WCC Afro-descendent conference calls for churches to use education against racism
Judith Hilton from Costa Rica speaks to the conference on racism in Latin America and the Caribbean. Photo: Sean Hawkey/WCC
30 June 2011
A call to churches worldwide to educate people about racism was made by church leaders from across the Americas and the Caribbean at the end of a conference held last week in Managua, Nicaragua.
The conference, which was organized by the World Council of Churches (WCC) and the Latin America Council of Churches (CLAI), focused on the violence of racism against people of African descent in the region.
It was the first ever conference to bring together church leaders of Afro-descendent communities in the Americas and the Caribbean.
Across the region, churches run educational institutions including universities, colleges, schools and Sunday schools, and they are encouraged by the conference declaration to review their curricula to make sure they include education on the racism and racist discrimination that is so common in Latin America.
“Part of the prophetic role of the churches is to speak out against injustice in all its forms, and in Latin America racism is a huge, and largely unattended, area of injustice” said Dr Jorge Ramirez Reyna, a conference participant from Peru. “In Latin America and the Caribbean, according to CEPAL [the Economic Commission for Latin America and the Caribbean] around 150 million Afro-descendents live in situations of exclusion, marginalization and poverty.”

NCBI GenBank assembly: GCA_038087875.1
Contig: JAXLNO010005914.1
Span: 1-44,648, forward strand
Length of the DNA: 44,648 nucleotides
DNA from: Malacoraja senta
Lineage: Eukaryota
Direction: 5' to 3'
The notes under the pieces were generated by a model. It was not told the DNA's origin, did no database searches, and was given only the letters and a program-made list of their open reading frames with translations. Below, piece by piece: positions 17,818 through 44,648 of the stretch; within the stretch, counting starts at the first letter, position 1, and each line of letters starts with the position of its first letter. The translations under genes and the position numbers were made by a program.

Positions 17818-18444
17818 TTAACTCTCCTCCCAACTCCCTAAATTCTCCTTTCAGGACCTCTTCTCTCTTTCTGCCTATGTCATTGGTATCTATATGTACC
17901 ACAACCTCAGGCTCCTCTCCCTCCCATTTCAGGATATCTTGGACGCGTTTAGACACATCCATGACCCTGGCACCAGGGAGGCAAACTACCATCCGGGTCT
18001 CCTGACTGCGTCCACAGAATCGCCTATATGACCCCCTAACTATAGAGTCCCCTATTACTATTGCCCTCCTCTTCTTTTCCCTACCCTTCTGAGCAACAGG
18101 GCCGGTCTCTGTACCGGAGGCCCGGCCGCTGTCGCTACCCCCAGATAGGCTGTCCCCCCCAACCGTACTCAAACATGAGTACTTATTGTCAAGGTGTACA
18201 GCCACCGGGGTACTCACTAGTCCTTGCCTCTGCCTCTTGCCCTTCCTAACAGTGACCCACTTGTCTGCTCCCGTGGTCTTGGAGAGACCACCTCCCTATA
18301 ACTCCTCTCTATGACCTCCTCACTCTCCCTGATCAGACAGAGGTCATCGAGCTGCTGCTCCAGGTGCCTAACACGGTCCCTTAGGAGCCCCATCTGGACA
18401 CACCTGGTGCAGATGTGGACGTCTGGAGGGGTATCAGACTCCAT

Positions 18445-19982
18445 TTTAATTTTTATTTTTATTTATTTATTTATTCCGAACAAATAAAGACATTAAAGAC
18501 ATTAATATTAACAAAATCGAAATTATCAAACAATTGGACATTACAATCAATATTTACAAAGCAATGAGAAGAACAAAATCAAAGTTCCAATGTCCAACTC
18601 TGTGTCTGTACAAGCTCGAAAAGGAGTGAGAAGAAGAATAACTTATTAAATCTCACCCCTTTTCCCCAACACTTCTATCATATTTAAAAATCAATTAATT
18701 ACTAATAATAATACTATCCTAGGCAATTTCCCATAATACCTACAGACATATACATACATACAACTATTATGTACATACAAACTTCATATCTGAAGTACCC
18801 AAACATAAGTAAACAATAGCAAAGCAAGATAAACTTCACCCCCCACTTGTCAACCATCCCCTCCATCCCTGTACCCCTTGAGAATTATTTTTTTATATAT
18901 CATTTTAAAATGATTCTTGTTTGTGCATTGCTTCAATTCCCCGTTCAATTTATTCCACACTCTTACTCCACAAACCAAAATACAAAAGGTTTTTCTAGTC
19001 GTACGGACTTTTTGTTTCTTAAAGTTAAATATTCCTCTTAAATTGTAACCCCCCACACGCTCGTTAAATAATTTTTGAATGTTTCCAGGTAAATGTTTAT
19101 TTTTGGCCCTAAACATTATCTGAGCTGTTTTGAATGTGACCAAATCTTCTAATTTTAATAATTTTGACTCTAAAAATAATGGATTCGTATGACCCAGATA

“We know that right across Latin America discrimination is practiced on the basis of skin colour,” he said. “Black people are more likely to suffer violence, more likely to be poor, and less likely to reach positions of responsibility or power. Education can help with this problem”.
In their declaration the conference participants urge churches associated with the WCC and CLAI to use the resources and facilities at their disposal to educate people, and to create opportunities for dialogue to strengthen the struggles against racism across the region.